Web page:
“Despite the best efforts of policy makers and platform designers, there will surely be spectacular failures. Funders will lose significant sums, not only to fraud, but also to incompetent managers, bad ideas, and bad luck. Entrepreneurs will litigate their investors, and investors will litigate entrepreneurs. Ideas and intellectual property will be stolen due to early-stage public disclosure. The growing pains experienced by the equity-based crowdfunding industry will be even more dramatic and severe than in the non-equity setting.”

What other obstacles face equity crowdfunding? To find out, NerdWallet turned to some experts.

  • Since equity crowdfunding is a new phenomenon, Georgetown University Law Professor James Angel believes the creation of secondary markets for crowdfunded shares is essential:

“One of the big challenges is ‘What will the exit look like for investors?’  The secondary market for the crowdfunded shares will be very thin, so it will be hard for investors to exit when they desire.  I suspect that additional funding rounds will provide some exit opportunities for firms that do another round of funding.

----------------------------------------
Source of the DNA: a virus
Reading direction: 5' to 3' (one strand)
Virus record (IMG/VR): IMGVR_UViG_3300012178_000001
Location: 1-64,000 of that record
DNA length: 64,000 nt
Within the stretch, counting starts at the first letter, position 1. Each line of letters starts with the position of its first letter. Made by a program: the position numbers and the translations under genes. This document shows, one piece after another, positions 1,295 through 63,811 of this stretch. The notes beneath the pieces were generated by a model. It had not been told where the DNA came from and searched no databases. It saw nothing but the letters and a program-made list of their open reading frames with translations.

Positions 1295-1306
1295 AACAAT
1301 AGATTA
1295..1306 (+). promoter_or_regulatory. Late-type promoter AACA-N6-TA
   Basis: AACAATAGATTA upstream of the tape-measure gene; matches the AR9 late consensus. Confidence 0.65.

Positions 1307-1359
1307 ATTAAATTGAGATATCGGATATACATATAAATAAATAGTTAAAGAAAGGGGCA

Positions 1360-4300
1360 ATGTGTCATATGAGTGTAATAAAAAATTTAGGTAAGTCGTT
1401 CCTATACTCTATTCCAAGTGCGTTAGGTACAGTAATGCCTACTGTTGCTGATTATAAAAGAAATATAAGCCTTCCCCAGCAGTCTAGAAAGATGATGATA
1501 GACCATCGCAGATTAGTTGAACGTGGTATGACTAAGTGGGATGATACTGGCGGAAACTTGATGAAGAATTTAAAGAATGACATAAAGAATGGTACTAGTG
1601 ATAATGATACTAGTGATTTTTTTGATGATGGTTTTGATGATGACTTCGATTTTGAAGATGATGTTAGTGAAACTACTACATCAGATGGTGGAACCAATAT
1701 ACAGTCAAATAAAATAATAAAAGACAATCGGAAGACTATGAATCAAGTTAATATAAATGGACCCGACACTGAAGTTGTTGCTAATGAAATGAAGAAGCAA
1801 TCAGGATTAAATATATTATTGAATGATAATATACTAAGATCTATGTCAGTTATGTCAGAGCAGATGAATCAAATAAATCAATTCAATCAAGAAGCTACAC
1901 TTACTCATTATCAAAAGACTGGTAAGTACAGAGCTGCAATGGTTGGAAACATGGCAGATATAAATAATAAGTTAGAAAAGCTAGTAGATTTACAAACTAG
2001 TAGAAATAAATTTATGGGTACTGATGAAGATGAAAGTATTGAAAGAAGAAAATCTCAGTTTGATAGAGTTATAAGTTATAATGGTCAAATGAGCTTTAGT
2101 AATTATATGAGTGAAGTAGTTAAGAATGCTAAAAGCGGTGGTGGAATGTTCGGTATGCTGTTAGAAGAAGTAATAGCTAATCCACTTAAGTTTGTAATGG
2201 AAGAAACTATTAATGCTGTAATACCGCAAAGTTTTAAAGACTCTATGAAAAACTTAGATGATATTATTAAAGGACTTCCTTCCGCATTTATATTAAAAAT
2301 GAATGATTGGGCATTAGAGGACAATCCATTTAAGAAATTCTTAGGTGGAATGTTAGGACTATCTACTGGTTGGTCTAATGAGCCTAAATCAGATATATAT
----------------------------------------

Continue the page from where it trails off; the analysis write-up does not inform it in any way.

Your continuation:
“Another challenge is ‘How will investors be protected?’  The companies won’t be filing the standard financial statements with the SEC.  What rights will shareholders have to protect themselves from many of the shenanigans that have occurred in the stocks of small companies?  What information will the companies provide, and how?  What recourse will shareholders have if management misbehaves?